President Reagan signed legislation Monday that provides for joint regulation of gambling on Indian lands by Indian tribes, the states and the federal government.
The bill establishes a National Indian Gaming Commission within the Interior Department to monitor bingo, lotto and other forms of gambling on Indian reservations.The legislation also will permit casino gambling, horse and dog racing and jai alai on reservations if the tribes reach agreement with their respective states on the operation of such games. The bill requires the states to negotiate "in good faith" and allows the tribes to take the matter to federal court if no agreement is reached.
It appears the new law will have no immediate effect on Utah. Richard Kontz, deputy director of the Commission to Accelerate Navajo Development Opportunities, said the Navajos don't allow gambling on the reservation now and have no plans to do so. He said a couple of attempts have been made to get gambling authorized, "but they never went forward with it for different reasons." The tribe will have to evaluate the new law before deciding whether to change its plans.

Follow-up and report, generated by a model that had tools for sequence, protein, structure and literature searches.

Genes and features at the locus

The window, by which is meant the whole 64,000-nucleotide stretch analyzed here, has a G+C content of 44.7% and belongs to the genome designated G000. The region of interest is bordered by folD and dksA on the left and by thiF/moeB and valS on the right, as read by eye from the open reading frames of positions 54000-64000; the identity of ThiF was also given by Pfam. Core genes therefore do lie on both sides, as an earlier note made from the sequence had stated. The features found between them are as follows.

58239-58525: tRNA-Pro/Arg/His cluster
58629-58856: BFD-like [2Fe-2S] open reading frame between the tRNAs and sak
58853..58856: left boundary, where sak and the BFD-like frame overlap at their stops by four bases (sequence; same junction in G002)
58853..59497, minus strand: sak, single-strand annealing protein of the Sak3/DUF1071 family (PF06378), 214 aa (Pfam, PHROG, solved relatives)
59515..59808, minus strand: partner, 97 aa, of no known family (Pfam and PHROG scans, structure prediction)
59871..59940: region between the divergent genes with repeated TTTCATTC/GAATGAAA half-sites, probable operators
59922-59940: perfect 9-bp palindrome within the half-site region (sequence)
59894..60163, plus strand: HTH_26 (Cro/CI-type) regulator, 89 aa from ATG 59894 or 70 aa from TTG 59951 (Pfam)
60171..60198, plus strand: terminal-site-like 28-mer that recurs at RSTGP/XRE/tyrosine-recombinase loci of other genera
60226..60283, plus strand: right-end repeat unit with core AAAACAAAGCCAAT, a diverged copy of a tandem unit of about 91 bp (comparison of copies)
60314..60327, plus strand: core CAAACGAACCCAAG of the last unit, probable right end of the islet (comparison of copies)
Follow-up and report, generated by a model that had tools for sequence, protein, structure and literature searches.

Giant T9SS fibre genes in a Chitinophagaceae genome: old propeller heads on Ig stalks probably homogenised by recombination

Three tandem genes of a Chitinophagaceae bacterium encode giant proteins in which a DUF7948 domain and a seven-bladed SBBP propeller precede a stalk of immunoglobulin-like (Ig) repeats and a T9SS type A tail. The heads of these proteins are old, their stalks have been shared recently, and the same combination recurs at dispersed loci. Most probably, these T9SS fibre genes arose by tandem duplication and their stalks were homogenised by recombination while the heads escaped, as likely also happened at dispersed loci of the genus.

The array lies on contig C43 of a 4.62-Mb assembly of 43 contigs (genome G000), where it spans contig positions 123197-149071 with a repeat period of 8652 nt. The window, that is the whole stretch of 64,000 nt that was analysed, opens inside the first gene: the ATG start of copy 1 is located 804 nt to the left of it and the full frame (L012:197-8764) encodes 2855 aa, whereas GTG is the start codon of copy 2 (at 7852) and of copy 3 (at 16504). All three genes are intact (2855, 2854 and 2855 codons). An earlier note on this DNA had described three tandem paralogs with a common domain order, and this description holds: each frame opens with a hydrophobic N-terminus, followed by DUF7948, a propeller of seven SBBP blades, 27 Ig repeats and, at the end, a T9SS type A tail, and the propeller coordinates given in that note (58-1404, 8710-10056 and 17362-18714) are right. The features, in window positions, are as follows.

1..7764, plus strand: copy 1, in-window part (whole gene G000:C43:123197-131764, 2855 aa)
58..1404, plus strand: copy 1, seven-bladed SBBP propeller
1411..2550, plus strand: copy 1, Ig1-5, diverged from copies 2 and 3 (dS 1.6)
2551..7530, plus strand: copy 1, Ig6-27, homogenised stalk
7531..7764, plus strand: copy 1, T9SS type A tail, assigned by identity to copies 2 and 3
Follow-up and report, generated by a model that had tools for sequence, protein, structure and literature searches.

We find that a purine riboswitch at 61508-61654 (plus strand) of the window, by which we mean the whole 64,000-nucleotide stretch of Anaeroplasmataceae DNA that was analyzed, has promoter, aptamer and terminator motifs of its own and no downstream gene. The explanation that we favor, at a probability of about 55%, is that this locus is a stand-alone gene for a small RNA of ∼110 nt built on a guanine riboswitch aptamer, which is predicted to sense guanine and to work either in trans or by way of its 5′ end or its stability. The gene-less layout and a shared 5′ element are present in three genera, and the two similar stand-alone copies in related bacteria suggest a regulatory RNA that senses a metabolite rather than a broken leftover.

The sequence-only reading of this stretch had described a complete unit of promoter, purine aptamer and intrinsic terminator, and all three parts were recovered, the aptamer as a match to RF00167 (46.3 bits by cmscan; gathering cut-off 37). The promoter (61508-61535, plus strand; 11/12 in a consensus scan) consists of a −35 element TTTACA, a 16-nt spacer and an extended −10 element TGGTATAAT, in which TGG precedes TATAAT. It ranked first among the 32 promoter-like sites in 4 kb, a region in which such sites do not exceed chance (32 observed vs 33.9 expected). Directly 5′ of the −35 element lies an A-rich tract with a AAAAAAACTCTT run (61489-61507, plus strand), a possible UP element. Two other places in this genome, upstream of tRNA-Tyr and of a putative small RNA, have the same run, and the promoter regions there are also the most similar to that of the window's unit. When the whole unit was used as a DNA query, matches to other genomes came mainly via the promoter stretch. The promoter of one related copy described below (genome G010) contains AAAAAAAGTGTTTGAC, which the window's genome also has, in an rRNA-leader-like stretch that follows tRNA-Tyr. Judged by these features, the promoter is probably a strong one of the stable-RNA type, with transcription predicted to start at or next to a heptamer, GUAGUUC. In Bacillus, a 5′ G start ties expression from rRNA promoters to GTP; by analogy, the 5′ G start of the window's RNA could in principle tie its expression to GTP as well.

A spokesman for the Paiute Tribe of Utah said the tribal council has not entertained the idea of allowing any form of gambling. And a Ute official from the Uintah-Ouray Reservation who declined to identify himself said that although the tribe is pleased that the law passed, it hasn't discussed legalizing gaming.
Several disputes between tribes and states over gambling on reservations have reached the Supreme Court in recent years as Indians have sought financial gain from their special legal status and have tried to compensate for a sharp reduction in federal aid.